Kerry Priest

Medicine Wheel

Approaching the hospital, she calls in the spirits of the
west,
of science and surfaces and accurate measurement.
Early light shredding the sky behind the tower

reminds her of all the dawns to come: false dawns,
divine sparks, hot heads and hot flushes, tempers inflamed
and snap decisions. For these many fires, she calls in

the spirits of the east, takes deep breaths in the car park,
prepares for the piped-about air inside, she calls in
the spirits of the north, the sylphs of oxygen and nitrous
oxide,

praying that she might be giddy and feel no pain
as they suck out ten of her moons and add them in a
petridish
to that thousand eyed demon, the copius squiggle of
spermatazoa.

She chooses a white seat in the waiting room near a
potted palm.
Her husband will arrive soon and then it will all begin.
Love Shack is on the radio and she thinks of the room
where he will produce the goods, its clamminess.

All that remain are the spirits of the south, which are
completion
and fruiting and endings, according to her book
on how to be shaman.

So, entering the room, she calls them in too,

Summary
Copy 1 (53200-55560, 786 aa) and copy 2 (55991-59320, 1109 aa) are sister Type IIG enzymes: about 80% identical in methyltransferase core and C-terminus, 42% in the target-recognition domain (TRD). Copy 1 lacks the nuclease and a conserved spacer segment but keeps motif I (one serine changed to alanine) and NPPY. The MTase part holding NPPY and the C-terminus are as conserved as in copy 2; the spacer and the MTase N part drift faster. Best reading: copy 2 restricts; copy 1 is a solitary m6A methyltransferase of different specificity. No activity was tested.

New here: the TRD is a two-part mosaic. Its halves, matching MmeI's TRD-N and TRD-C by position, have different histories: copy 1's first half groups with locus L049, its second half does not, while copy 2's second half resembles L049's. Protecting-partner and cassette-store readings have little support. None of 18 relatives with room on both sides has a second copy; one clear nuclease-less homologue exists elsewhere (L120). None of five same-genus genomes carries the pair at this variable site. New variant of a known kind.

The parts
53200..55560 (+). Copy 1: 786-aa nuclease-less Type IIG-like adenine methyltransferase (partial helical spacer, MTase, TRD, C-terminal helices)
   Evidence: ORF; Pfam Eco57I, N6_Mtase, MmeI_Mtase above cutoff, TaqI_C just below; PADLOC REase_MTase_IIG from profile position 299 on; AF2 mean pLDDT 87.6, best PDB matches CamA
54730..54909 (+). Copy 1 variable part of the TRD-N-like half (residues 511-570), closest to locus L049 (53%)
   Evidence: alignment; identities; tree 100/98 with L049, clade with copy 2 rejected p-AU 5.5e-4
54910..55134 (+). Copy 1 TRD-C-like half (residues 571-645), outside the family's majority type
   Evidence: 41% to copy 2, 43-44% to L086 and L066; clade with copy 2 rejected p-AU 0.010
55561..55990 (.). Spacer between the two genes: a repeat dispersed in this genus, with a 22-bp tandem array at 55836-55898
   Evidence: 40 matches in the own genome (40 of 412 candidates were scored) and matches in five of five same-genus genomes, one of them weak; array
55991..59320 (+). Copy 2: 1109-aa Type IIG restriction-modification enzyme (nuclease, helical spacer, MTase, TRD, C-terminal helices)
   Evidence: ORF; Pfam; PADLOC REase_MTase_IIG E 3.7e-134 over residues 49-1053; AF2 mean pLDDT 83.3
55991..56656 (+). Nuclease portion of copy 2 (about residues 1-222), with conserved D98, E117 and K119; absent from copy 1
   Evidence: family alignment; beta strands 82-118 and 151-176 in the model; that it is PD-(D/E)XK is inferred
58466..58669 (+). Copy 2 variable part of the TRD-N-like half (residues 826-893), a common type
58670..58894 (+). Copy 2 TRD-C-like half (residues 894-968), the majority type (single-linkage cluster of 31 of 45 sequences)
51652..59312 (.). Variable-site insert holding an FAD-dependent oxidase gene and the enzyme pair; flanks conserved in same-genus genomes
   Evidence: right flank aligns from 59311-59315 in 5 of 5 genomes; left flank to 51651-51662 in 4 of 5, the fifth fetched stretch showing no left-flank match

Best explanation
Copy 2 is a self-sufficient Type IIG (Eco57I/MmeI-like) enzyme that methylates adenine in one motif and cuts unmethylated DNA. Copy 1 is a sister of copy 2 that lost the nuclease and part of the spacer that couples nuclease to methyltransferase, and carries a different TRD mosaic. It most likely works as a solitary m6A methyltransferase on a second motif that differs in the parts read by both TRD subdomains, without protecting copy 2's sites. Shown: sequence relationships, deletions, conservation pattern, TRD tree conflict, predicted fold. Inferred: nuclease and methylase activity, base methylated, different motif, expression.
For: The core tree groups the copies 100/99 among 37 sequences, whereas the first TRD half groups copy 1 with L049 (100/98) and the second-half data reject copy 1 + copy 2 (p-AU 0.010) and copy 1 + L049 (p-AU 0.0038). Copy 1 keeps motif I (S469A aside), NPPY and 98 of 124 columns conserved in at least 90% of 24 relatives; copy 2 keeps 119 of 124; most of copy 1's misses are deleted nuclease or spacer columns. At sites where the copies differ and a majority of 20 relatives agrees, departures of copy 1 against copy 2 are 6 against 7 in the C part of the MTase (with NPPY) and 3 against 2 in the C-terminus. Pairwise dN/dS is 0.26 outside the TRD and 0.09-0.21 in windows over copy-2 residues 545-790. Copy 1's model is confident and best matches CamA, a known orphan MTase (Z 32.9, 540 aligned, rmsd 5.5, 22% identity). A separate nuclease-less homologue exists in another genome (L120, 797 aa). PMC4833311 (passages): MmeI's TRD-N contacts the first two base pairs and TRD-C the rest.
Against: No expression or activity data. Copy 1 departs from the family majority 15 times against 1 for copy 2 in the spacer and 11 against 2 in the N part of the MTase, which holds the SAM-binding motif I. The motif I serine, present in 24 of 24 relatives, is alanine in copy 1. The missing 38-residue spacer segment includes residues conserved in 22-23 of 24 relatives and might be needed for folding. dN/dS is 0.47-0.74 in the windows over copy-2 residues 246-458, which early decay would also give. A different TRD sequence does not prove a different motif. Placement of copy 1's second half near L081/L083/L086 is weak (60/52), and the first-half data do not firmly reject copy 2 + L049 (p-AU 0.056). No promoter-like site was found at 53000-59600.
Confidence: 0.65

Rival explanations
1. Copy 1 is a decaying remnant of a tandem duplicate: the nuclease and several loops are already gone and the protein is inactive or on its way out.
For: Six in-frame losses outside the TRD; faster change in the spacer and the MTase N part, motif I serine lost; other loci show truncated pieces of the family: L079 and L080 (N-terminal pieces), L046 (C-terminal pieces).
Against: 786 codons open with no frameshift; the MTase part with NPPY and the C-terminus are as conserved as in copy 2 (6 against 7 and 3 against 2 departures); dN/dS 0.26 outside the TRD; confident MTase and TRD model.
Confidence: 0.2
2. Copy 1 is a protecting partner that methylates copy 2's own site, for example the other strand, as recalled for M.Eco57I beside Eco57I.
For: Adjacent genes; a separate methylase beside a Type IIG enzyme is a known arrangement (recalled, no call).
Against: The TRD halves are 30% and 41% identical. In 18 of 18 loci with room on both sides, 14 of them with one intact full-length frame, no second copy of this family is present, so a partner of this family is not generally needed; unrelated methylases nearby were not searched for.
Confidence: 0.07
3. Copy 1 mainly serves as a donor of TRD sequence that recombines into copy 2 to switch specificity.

and just to be sure, she calls in again the spirits of the
west,
of big data and small miracles,
of brisk nurses striding the lino like wolf-women.

Out the window, herb robert is taking hold and pennywort
has snuck into some wallcracks. Is that three-cornered
leek?
She’ll pick some once all this is over.

Kerry is one of Eyewear’s Best New British And Irish Poets 2018. She had two poems shortlisted for the Bridport prize in 2017.
She studied Anthropology and Linguistics at Edinburgh University and taught English and Cultural Studies at Eichstaett and Humboldt Universities in Germany.
Kerry composes experimental multimedia work. Her radio drama, “The Assisi Machine” was broadcast in August on Radio FM and her band Drones Over Keyham will close the Plymouth Art Weekender in September.